4. Minnesota Islamic Center bombing, August 5, 2017.
A report by the Council on American-Islamic Relations found that hate crimes against Muslims in the U.S. increased by 584 percent between 2014 and 2016. During the first half of 2017, CAIR reported 134 individual anti-Muslim hate crimes. On Aug. 5, 2017, the Dar Al-Farooq Islamic Center in Bloomington, Minnesota, was bombed while attendees were gathering for morning prayers. Had ISIS bombed a Christian church, it would have received round-the-clock coverage from Fox News and AM talk radio. But the terrorist attack on the Dar Al-Farooq Islamic Center was barely mentioned in the right-wing media. (Thankfully, there were no injuries.)
5. The stabbing of Timothy Caughman, March 20, 2017.
White supremacist and confessed killer James Harris Jackson did not know Timothy Caughman, the 66-year-old African American he fatally stabbed in midtown Manhattan on March 20, 2017. Jackson confessed that he traveled from Baltimore to New York City that day “for the purpose of killing black men,” and Caughman had the misfortune of being chosen at random—a killing Jackson said “was practice” for a larger terrorist attack he planned to carry out against black men in Times Square. Jackson, who was charged with first- and second-degree murder, said his motive was to discourage black men from dating white women.
6. The Portland commuter train stabbings, May 26, 2017.
On May 26, Ricky John Best, Taliesin Myrddin Namkai Meche and Micah David-Cole Fletcher were passengers on a commuter train in Portland, Oregon when they witnessed a white man threatening and verbally abusing two women—one of whom was wearing a hijab—and screaming Islamophobic insults at them. When the passengers intervened, witnesses said, the man attacked them with a knife. Best and Meche died, while Fletcher was treated for serious injuries. Jeremy Joseph Christian, who was charged with murder, had a history of expressing white supremacist, anti-Muslim and anti-Semitic views.
7. The shooting of Deep Rai, March 3, 2017.
The climate of fear and Islamophobia that has plagued the U.S. since the 9/11 attacks has imperiled not only Muslims, but also Sikhs and Hindus who have been mistakenly targeted in hate crimes. Four days after 9/11, Frank Silva Roque shot Balbir Singh Sodhi (a Sikh immigrant from India who owned a gas station in Mesa, Arizona) five times, killing him; Roque, convicted of first-degree murder, was sentenced to life in prison.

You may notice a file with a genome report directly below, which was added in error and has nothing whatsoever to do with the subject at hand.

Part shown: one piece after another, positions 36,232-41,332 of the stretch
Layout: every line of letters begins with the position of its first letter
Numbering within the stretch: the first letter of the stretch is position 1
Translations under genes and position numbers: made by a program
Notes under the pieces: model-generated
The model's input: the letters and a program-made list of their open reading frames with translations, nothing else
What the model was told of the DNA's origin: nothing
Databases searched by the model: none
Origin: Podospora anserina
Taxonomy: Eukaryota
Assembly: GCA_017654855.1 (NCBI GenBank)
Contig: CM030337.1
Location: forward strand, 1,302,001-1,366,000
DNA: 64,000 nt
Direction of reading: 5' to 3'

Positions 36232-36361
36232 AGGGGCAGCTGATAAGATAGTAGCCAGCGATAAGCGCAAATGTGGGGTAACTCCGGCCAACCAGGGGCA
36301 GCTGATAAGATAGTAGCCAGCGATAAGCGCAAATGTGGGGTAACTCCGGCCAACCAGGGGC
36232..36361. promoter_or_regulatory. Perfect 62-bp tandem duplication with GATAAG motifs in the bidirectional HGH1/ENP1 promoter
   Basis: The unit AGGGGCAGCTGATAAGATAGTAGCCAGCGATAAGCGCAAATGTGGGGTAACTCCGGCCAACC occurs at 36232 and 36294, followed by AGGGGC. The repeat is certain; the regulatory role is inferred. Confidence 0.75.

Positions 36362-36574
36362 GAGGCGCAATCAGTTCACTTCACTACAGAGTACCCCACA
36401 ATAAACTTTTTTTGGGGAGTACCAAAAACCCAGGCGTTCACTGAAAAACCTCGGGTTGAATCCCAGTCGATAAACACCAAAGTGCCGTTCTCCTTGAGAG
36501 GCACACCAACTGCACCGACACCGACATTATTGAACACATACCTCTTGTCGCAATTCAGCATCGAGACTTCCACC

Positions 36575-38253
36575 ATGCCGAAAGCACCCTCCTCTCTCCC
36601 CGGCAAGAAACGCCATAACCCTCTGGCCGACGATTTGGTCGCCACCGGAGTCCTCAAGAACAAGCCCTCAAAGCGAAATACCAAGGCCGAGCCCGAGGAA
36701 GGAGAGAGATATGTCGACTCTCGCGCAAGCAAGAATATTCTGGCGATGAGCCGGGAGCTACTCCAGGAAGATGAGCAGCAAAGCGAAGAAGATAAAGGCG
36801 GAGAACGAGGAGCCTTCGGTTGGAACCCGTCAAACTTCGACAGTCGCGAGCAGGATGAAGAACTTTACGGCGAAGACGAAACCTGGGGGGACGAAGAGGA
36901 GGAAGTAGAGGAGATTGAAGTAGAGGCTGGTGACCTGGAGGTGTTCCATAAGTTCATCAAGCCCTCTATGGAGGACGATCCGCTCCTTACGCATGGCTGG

More recently, Deep Rai, a 39-year-old Sikh and Indian immigrant, was attacked by a gunman outside his home in Kent, Washington, on March 3, 2017. According to Rai, the assailant, described as a tall, stocky white man, pushed him to the ground and said, “Go back to your own country” before shooting him in the arm (Rai’s wounds were not fatal). After the attack, a Sikh activist in Seattle reported that there has been a “distinct escalation” of “hate incidents” against Seattle-area Sikhs in 2017.
8. Arson attacks on mosques, January 14 and 27, 2017.
According to a study by professor Brian Levin for the Center for the Study of Hate and Extremism at California State University, San Bernardino, hate crimes have increased nationwide by about 5 percent from 2015 to 2016. In August, the Council on American-Islamic Relations reported that attacks on mosques in the U.S. have been frighteningly common in 2017. CNN’s analysis of CAIR data found 63 examples of mosques being targeted for threats, arson or vandalism between January and July of this year—an average of nine incidents per month and at least two per week.
On January 14, the Islamic Center of Eastside in Bellevue, Washington, a Seattle suburb, was burned to the ground. The Houston office of the Bureau of Alcohol, Firearms, Tobacco and Explosives determined a separate fire that destroyed the Victoria Islamic Center on January 27 was a product of arson. Although there were no injuries in either incident, both attacks demonstrate that CAIR has every reason to be concerned about the safety of Muslims in the U.S.